```
% These regions are to be included
% 'Precentral_L'
% 'Precentral_R'
% 'Frontal_Sup_L'
% 'Frontal_Sup_R'
% 'Frontal_Sup_Orb_L'
% 'Frontal_Sup_Orb_R'
% 'Frontal_Mid_L'
% 'Frontal_Mid_R'
% 'Frontal_Mid_Orb_L'
% 'Frontal_Mid_Orb_R'
% 'Frontal_Inf_Oper_L'
% 'Frontal_Inf_Oper_R'
% 'Frontal_Inf_Tri_L'
% 'Frontal_Inf_Tri_R'
% 'Frontal_Inf_Orb_L'
% 'Frontal_Inf_Orb_R'
% 'Rolandic_Oper_L'
% 'Rolandic_Oper_R'
% 'Supp_Motor_Area_L'
% 'Supp_Motor_Area_R'
% 'Frontal_Sup_Medial_L'
% 'Frontal_Sup_Medial_R'
% 'Frontal_Med_Orb_L'
% 'Frontal_Med_Orb_R'
% 'Rectus_L'
% 'Rectus_R'
% 'Insula_L'
% 'Insula_R'
% 'Cingulum_Ant_L'
% 'Cingulum_Ant_R'
% 'Cingulum_Mid_L'
% 'Cingulum_Mid_R'
% 'Cingulum_Post_L'
% 'Cingulum_Post_R'
% 'Calcarine_L'
% 'Calcarine_R'
% 'Cuneus_L'
% 'Cuneus_R'
% 'Lingual_L'
% 'Lingual_R'
% 'Occipital_Sup_L'
% 'Occipital_Sup_R'
% 'Occipital_Mid_L'
% 'Occipital_Mid_R'
% 'Occipital_Inf_L'
% 'Occipital_Inf_R'
% 'Fusiform_L'
% 'Fusiform_R'
% 'Postcentral_L'
% 'Postcentral_R'
% 'Parietal_Sup_L'
% 'Parietal_Sup_R'
% 'Parietal_Inf_L'
% 'Parietal_Inf_R'
% 'SupraMarginal_L'
% 'SupraMarginal_R'
% 'Angular_L'
% 'Angular_R'
% 'Precuneus_L'
% 'Precuneus_R'
% 'Paracentral_Lobule_L'
% 'Paracentral_Lobule_R'
% 'Temporal_Sup_L'
% 'Temporal_Sup_R'
% 'Temporal_Pole_Sup_L'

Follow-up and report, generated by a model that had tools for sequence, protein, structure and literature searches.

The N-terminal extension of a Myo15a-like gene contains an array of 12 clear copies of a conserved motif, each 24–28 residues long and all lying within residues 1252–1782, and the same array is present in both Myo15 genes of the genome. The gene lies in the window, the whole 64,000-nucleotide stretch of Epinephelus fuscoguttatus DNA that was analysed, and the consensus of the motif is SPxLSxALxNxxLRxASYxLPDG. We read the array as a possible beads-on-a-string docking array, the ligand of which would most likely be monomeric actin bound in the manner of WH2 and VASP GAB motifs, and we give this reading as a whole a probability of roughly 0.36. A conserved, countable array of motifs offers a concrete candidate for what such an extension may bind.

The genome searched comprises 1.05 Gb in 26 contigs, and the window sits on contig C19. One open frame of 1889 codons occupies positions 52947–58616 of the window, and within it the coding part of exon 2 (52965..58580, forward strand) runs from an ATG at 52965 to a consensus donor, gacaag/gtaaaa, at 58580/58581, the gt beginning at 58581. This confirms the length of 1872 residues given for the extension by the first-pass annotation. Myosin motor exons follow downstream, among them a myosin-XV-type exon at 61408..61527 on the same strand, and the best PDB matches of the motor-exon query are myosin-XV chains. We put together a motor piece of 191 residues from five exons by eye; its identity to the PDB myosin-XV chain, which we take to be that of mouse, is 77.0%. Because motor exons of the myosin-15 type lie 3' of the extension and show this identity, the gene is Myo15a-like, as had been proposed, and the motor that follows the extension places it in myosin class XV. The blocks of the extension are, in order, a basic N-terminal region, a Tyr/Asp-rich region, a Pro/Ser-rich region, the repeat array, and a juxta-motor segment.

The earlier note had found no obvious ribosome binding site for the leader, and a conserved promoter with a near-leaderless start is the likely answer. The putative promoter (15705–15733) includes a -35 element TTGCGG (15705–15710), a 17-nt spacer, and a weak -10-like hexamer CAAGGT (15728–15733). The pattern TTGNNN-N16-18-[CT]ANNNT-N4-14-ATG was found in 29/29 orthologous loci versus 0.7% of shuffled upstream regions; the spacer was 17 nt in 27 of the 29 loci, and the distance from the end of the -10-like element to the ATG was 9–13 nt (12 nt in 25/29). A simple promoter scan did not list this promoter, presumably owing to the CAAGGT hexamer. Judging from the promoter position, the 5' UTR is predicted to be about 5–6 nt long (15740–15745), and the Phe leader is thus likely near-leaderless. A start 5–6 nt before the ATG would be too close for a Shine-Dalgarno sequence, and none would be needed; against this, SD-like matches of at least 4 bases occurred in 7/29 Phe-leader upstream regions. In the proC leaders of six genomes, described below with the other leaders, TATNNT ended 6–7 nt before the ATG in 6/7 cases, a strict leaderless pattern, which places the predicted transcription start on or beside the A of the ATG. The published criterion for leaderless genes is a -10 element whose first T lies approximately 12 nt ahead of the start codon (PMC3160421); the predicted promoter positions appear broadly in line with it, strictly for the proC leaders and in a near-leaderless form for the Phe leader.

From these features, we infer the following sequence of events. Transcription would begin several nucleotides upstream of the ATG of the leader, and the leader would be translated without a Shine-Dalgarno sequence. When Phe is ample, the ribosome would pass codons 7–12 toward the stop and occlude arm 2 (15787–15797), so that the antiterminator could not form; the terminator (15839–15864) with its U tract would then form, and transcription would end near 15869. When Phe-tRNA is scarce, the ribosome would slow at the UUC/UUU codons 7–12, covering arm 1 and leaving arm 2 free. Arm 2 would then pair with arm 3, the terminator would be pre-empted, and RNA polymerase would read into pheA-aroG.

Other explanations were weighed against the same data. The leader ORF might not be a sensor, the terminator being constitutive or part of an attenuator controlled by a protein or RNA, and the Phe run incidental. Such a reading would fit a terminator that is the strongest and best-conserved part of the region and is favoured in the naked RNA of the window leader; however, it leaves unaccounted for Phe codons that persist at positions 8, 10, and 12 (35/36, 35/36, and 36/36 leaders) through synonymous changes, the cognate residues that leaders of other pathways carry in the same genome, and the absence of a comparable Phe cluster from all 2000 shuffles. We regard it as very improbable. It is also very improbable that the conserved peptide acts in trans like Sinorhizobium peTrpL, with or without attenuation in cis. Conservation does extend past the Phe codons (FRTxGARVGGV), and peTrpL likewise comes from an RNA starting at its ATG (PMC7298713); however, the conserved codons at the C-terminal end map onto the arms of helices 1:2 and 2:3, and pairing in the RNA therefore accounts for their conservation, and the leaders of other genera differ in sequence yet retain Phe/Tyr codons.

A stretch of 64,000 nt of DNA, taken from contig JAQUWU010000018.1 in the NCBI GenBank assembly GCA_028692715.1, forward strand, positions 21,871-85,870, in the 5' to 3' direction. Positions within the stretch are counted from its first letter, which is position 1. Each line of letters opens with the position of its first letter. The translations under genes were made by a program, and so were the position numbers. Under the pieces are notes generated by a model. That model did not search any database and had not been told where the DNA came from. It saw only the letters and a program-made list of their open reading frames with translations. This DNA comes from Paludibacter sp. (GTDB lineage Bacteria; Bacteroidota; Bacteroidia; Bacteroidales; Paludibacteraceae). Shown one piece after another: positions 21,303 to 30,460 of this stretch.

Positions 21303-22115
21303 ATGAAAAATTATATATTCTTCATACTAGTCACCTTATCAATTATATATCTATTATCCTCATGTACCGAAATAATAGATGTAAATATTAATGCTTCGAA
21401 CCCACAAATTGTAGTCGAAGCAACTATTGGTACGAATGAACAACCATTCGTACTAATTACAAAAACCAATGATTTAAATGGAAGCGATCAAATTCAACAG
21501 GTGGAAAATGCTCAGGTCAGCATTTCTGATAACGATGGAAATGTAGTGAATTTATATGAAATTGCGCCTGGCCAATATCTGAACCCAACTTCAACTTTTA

% 'Temporal_Pole_Sup_R'
% 'Temporal_Mid_L'
% 'Temporal_Mid_R'
% 'Temporal_Pole_Mid_L'
% 'Temporal_Pole_Mid_R'
% 'Temporal_Inf_L'
% 'Temporal_Inf_R'
%
% These regions are to be combined
% 'Hippocampus_L'
% 'Hippocampus_R'
% 'ParaHippocampal_L'
% 'ParaHippocampal_R'
% 'Amygdala_L'
% 'Amygdala_R'
% --> Lower Basal
%
% 'Olfactory_L'
% 'Olfactory_R'
% 'Caudate_L'
% 'Caudate_R'
% 'Putamen_L'
% 'Putamen_R'
% 'Pallidum_L'
% 'Pallidum_R'
% 'Thalamus_L'
% 'Thalamus_R'
% --> Upper Basal
%
% One can visualize these regions by running visualizeAnatomicalRoiWithNHimasBlobs.m contained by the groupSIFT folder.
```

The reason why I created the umbrella ROIs is because these limbic and basal regions (even including ventricles) are unlikely to be generators of scalp-measurable EEG due to lack of critical conditions, namely a large area of pyramidal cells aligned in parallel. However, because of errors in dipole fitting, about 20% of fitted dipoles goes into these physiologically invalid deep retions (for detail, see this page). If we know the label ‘thalamus’ is completely inappropriate to be used to refer to the estimated EEG sources, should we still provide specific labels that are now only misleading? Instead, I suggest that we use umbrella terms ‘Upper Basal’ and ‘Lower Basal’ just to indicate how deep they are. The depth information in dipole fitting could be related to the area information in the actual dipole sheet, so making a minimal distinction between ‘upper’ and ‘lower’ may be helpful.

# Published works

The dedicated technical paper is not prepared yet. But a couple of clinical researches using groupSIFT are already published. Loo et al. (2019) has relatively detailed description of the method in Supplement (which needs some update).

# Download

GroupSIFT is NOT in the EEGLAB plugin manager. You may install GroupSIFT by downloading the zipped file from the GitHub repository, ‘Code’ (the green button) -> ‘Download ZIP’ (the menu item at the botton). Unzip the file and place the resulting folder in the EEGLAB plugin folder. The current version is 0.51.

# Support

groupSIFT was developed for a project for a study on chronic tic disorder (PI Sandra Loo) that was supported by NINDS 80160 and 97484.